Obturator hernias protrude through the obturator foramina, which are located in the anterolateral pelvic wall bilaterally immediately inferior to the acetabula (Figure 5). The obturator foramina are covered by the obturator membranes, except antero-superiorly where the obturator canals are located. The obturator nerve and associated blood vessels are located in this canal and are surrounded by fatty tissue. Severe weight loss, aging, and malnutrition contribute to a loss of the surrounding fatty tissue, creating a space around the obturator nerve and vessels and predisposing to the development of an obturator hernia (4).

[FIGURE 5 OMITTED]

The most common symptom of obturator hernia is small-bowel obstruction (Figure 6), which produces varied clinical symptoms. Frequently, the initial symptom is mild, intermittent abdominal pain, which is secondary to intermittent, incomplete small-bowel obstruction. Related physical findings are rare since the incarcerated hernia is located posterior to the pectineus and adductor longus muscles (5). The Howship-Romberg sign, which is suggestive of an obturator hernia, consists of pain along the medial aspect of the thigh, extending to the knee, caused by irritation of the obturator nerve. However, this sign is present in only approximately 50% of cases of obturator hernia (4).

[FIGURE 6 OMITTED]

Because of such nonspecific presenting signs and symptoms, CT plays an important role in the diagnosis of obturator hernia by demonstrating incarcerated small bowel posterior to the pectineus muscle (Figures 5 and 6). In a recent study, CT provided an accurate preoperative diagnosis in 11 of 14 patients with obturator hernia (6). CT is noninvasive and rapidly performed and can lead to prompt diagnosis and treatment. Early treatment, which usually consists of laparotomy and repair of the hernia defect, is important to prevent incarceration, strangulation, and perforation, which are associated with high mortality rates.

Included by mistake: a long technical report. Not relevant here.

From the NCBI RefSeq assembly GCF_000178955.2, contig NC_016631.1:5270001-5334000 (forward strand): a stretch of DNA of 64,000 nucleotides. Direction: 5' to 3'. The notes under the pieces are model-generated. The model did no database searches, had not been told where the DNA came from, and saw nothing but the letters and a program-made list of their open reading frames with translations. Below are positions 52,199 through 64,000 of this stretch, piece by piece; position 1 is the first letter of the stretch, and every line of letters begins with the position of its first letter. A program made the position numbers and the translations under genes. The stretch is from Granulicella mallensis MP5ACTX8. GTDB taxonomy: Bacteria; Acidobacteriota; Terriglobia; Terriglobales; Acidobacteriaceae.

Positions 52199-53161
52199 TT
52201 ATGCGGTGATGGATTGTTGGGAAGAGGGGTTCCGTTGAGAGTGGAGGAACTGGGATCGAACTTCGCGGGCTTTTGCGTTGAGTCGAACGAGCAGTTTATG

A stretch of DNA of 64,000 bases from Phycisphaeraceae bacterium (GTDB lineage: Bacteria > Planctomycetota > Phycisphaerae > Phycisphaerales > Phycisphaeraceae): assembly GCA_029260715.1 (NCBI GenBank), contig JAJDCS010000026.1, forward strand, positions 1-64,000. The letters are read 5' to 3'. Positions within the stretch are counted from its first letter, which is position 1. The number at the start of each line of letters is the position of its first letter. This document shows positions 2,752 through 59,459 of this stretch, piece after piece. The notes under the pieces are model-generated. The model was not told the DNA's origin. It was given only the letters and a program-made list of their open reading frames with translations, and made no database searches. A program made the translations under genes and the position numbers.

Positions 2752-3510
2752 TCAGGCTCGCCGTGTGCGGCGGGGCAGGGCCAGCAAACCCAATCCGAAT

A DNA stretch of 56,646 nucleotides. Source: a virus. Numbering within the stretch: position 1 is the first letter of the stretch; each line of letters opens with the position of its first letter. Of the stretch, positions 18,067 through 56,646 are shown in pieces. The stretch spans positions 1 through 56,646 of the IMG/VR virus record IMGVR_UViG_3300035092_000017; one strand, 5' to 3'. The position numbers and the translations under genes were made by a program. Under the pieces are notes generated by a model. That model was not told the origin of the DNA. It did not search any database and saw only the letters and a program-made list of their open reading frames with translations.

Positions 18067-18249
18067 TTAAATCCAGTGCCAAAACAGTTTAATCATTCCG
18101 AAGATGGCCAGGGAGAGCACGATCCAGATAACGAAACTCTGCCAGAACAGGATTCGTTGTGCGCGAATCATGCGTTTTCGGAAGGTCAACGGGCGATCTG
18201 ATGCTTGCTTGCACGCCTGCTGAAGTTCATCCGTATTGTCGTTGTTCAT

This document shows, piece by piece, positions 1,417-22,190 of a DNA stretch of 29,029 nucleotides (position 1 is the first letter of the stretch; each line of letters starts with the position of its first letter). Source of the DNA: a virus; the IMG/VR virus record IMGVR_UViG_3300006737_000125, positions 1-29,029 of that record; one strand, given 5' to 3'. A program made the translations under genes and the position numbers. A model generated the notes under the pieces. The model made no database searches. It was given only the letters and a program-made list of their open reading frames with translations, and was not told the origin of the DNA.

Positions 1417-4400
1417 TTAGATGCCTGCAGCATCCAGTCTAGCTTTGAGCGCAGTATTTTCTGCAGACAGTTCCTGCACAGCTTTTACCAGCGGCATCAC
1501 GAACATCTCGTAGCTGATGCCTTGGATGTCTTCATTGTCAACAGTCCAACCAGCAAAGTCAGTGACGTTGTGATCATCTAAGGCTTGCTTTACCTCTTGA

(1.) Bergstein JM, Condon RE. Obturator hernia: current diagnosis and treatment. Surgery 1996;199:133-136.

(2.) Molmenti EP, Doherty GM. Hernias. In Doherty GM, Bauman DS, Creswell LL, Goss JA, Lairmore TC, eds. Washington Manual of Surgery. Boston: Little Brown Publishers, 1999:427-433.

(3.) Kortz WJ, Sabiston DC Jr. Hernias. In Sabiston DC Jr, ed. Sabiston's Essentials of Surgery. Philadelphia: WB Saunders Co, 1987:639-654.

(4.) Hsu CH, Wang CC, Jeng LB, Chen MF. Obturator hernia: a report of eight cases. Am Surg 1993;59:709-711.

(5.) Ijiri R, Kanamaru H, Yokoyama H, Shirakawa M, Hashimoto H, Yoshino G. Obturator hernia: the usefulness of computed tomography in diagnosis. Surgery 1996;119:137-140.

(6.) Yokoyama Y, Yamaguchi A, Isogai M, Hori A, Kaneoka Y. Thirty-six cases of obturator hernia: does computed tomography contribute to postoperative outcome? World J Surg 1999;23:214-216.

ROBERT M. BRANSTETTER III, MD

From the Department of Radiology, Baylor University Medical Center, Dallas, Texas. Corresponding author: Robert M. Branstetter III, MD, Department of Radiology, Baylor University Medical Center, 3500 Gaston Avenue, Dallas, Texas 75246.